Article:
The Savannah Food Day Festival, held last year in Mother Matilda Beasley Park, has a new home in Daffin Park this Sunday from 11 a.m. – 6 p.m. The event features food, of course, along with a transplanted Forsyth Farmers Market (Don’t worry, the farmers market will keep its normal hours in Forsyth Park on Saturday from 9 a.m. – 1 p.m.). Children’s activities and musical performances are also on the agenda. The Savannah Bicycle Campaign will offer its popular Bike Valet service. A complete schedule and more information is available on the Savannah Food Day Festival website.
Well Fed Savannah is sponsoring the Savannah Food Day Festival Saturday, Oct. 22 from 11 a.m. to 5 p.m. at Mother Matilda Beasley Park on East Broad Street. What is Food Day? Organizers describe it as “an Earth Day for Food.”
“Aimed at promoting healthy, sustainable, affordable, and just food systems in America, Food Day is a national grassroots mobilization backed by some of the most prominent voices for energizing the food movement … people will gather at events big and small and from coast to coast in homes, schools, colleges, churches, city halls, farmers’ markets, supermarkets, and elsewhere to raise awareness about food issues and advocate for change.”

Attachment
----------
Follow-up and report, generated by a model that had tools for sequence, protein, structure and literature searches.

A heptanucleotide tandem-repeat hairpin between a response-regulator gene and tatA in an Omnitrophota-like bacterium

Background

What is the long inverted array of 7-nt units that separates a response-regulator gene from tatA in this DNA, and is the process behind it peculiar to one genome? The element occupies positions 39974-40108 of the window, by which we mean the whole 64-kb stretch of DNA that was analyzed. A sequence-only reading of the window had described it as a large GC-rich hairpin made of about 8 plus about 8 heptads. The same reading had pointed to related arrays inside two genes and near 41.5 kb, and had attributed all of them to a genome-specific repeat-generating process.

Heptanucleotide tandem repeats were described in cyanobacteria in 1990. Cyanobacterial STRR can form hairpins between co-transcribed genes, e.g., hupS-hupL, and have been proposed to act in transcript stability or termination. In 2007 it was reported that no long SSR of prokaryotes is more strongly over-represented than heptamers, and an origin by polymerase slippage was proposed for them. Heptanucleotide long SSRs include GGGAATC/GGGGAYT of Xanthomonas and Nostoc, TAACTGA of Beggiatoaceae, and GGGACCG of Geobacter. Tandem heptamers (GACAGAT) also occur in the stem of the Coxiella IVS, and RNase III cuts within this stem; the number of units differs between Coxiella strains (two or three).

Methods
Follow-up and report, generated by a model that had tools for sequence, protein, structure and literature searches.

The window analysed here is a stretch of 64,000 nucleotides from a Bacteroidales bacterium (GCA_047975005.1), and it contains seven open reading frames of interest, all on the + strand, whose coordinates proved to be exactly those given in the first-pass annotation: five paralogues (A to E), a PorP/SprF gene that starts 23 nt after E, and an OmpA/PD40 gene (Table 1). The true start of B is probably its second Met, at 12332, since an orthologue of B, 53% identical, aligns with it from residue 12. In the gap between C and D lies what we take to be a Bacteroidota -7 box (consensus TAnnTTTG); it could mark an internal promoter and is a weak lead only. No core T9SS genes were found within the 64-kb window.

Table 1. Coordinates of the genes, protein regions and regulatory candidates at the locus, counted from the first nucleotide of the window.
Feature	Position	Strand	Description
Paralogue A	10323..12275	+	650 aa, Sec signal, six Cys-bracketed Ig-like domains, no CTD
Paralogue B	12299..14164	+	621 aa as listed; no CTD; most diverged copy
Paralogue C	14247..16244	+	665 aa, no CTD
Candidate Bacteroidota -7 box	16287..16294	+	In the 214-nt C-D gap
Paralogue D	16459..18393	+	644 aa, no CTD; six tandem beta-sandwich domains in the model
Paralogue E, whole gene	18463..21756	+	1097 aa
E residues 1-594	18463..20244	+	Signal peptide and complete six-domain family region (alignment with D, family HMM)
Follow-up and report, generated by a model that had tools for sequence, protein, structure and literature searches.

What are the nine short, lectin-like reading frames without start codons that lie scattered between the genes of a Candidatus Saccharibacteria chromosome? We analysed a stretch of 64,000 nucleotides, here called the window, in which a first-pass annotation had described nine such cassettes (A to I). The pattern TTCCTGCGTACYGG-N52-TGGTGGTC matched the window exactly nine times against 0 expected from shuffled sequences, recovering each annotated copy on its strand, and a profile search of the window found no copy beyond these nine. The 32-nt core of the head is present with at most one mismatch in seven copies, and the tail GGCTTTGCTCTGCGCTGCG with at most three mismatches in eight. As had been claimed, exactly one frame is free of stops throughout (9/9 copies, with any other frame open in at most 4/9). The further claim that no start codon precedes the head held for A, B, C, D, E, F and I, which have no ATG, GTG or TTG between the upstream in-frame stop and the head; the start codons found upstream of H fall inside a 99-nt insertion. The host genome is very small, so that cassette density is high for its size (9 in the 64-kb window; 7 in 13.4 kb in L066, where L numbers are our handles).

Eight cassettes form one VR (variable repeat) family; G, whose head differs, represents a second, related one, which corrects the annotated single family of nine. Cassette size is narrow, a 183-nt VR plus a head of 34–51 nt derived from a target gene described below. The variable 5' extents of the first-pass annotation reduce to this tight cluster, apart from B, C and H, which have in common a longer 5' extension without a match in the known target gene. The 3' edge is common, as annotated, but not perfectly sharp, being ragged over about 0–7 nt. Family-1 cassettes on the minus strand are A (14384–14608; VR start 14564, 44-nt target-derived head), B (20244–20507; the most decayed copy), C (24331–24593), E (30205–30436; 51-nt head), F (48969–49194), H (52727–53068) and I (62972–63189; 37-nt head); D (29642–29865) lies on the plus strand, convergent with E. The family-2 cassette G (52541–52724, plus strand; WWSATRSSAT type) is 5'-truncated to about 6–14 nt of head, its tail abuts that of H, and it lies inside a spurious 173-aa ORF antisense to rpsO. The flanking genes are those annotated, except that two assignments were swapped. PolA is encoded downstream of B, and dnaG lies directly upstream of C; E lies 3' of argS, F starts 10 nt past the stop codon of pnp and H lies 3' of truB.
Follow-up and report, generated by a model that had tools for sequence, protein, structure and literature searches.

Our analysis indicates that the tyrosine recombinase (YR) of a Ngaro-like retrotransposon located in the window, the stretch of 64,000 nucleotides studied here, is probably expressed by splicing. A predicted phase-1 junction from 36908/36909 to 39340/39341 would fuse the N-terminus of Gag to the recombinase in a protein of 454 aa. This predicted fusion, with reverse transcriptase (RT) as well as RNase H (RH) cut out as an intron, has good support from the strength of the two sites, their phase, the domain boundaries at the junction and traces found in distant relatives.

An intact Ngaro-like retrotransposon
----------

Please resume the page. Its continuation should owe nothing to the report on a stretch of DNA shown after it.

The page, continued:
The Savannah event includes live music, vendors, exhibitors and workshops. The festival is free and open to the public. The Savannah Bicycle Campaign will provide valet bike parking throughout the event.
A recent story on National Public Radio, Not All Communities Welcome Urban Gardening, covered the controversy caused when a Wisconsin family decided to plant vegetables in the strip of soil between the sidewalk and the street. In the strange dialect spoken by inhabitants of Wisconsin, this piece of real estate is called a parkway. Around these parts, they are called tree lawns and they’ve been in the news recently, too.
Last month the city announced that tree lawn upkeep would become the responsibility of residents. According to this Savannah Morning News story, city crews were pulled off tree lawn detail because of budget cuts. Tree lawns around town are already looking a little shaggy.